1 May 2017:
15 February 2017:
In defence of defence.Today is Total Defence Day. On 15 Feb, 1942, the first day of the Lunar New Year, Singapore was surrendered by the British to the Japanese, thus commencing the Japanese Occupation for the next 1,305 days.
The concept of Total Defence began in 1984, comprising of the following defences: military, social, economic, civil and psychological.
I don’t have flowery theses to offer, no defence policies to put forth. But on this day, I would like to justify the need for defence, especially military defence.
Apart from the official narrative of NS, I would say that the general sentiment towards it is negative. Many would rather not serve, especially JC and poly males that creep closer to enlistment every day.
I would say that’s rather understandable. I mean, if one could choose, who would want to use two years of their lives being put into physical and mental turmoil? But of course, one cannot choose not to serve NS.
At this point I’d like to give a disclaimer: no, I was not too thrilled by NS as well, but neither did I hate it. So while I didn’t excitedly look forward to it, I didn’t enter Pulau Tekong hating everyone and everything in green.
But, I strongly disagreed with those that termed NS as a ‘waste of time’, that they had ‘better things to do’. Maybe you may call me brainwashed, but I truly believed: ‘If not us, then who?’
I mean, let’s face it, Singapore is small. You don’t need much propaganda to be convinced; just look at the map (if we can even be seen). In terms of conventional warfare, this means we sorely lack strategic depth.
We don’t have Siberia, or the Rhineland, to sacrifice to the enemy, whilst we prepare our defence. Yet, we still need to defend our country. Those who say that we are living in peacetime are hopelessly dreaming.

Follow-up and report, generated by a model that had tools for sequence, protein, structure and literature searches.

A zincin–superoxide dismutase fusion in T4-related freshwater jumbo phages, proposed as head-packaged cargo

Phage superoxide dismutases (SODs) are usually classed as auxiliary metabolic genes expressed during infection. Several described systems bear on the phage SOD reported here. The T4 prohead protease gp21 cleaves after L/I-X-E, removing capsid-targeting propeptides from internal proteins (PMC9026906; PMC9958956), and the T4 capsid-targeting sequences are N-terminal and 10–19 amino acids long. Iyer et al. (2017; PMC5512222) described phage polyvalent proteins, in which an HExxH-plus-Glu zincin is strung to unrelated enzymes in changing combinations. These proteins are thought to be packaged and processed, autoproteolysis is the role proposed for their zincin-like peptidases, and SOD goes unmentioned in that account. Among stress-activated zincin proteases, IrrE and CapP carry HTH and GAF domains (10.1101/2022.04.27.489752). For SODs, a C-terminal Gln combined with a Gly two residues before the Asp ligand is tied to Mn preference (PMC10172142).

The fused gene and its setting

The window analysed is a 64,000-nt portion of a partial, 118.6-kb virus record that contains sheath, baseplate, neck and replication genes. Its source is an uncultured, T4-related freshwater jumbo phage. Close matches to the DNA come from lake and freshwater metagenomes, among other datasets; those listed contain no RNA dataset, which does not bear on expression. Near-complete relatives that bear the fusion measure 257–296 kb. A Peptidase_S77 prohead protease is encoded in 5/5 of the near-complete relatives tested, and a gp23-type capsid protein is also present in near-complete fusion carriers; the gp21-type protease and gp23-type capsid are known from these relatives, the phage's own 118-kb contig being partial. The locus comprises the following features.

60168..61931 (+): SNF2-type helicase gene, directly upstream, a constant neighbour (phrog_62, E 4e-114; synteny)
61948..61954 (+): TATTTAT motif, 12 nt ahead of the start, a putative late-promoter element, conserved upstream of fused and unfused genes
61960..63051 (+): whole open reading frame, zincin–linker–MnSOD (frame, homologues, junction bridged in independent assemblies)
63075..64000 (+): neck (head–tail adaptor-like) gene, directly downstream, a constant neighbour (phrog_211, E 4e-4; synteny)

Traditionally, the imagined enemy has always been Malaysia or Indonesia. I think this is pretty much an open secret – our frenemy relationship with them, especially as our closest neighbours.
But, there are new threats. Terrorism is one scary one that will not go away anytime soon, and who knows when Singapore will be attacked. Also, China. It’s too early to tell, but we can never be sure China will never turn against us.
Of course, as an aside, I will concede that given these new threats, their forms of aggression may not even be conventional force, but sophisticated ones like cyber-attacks or even economic wars.
Yet, we can never assume that conventional warfare has expired, as long as there are still soldiers being trained in countries around the world. The possibility is lower, but low doesn’t equal to zero.
Really cheesy and cliché, and SPF please forgive me for appropriating your anti-crime slogan.
Back to how NS is not a waste of time. Yes, it’s true that two years of every male is being used up, but I would say that it doesn’t come without its benefits as well. There are many skills you can learn within the two years, apart from soldiering.
For instance, I worked in an office environment for the most part of my NS, and from there I learnt about office politics by being thrown into it from the get-go. Other soldiers will learn even more important skills, such as survival (literally).
Also, not every minute of NS is being taken up, actually. For most people, we do get to book-out on weekends. True, that may not be a lot of time (especially with late book-out / early book-in), but it’s better than confinement.
I have seen people pick up languages / skills during NS, or even re-sat their exams. Hence, I truly believe that for most things, it’s really a matter of motivation, despite the reduced time available.
And let’s just assume that yes, one can learn completely nothing apart from soldiering, which is not applicable in daily life (unless one signs on). But, it may precisely be these soldering skills that are required in times of war.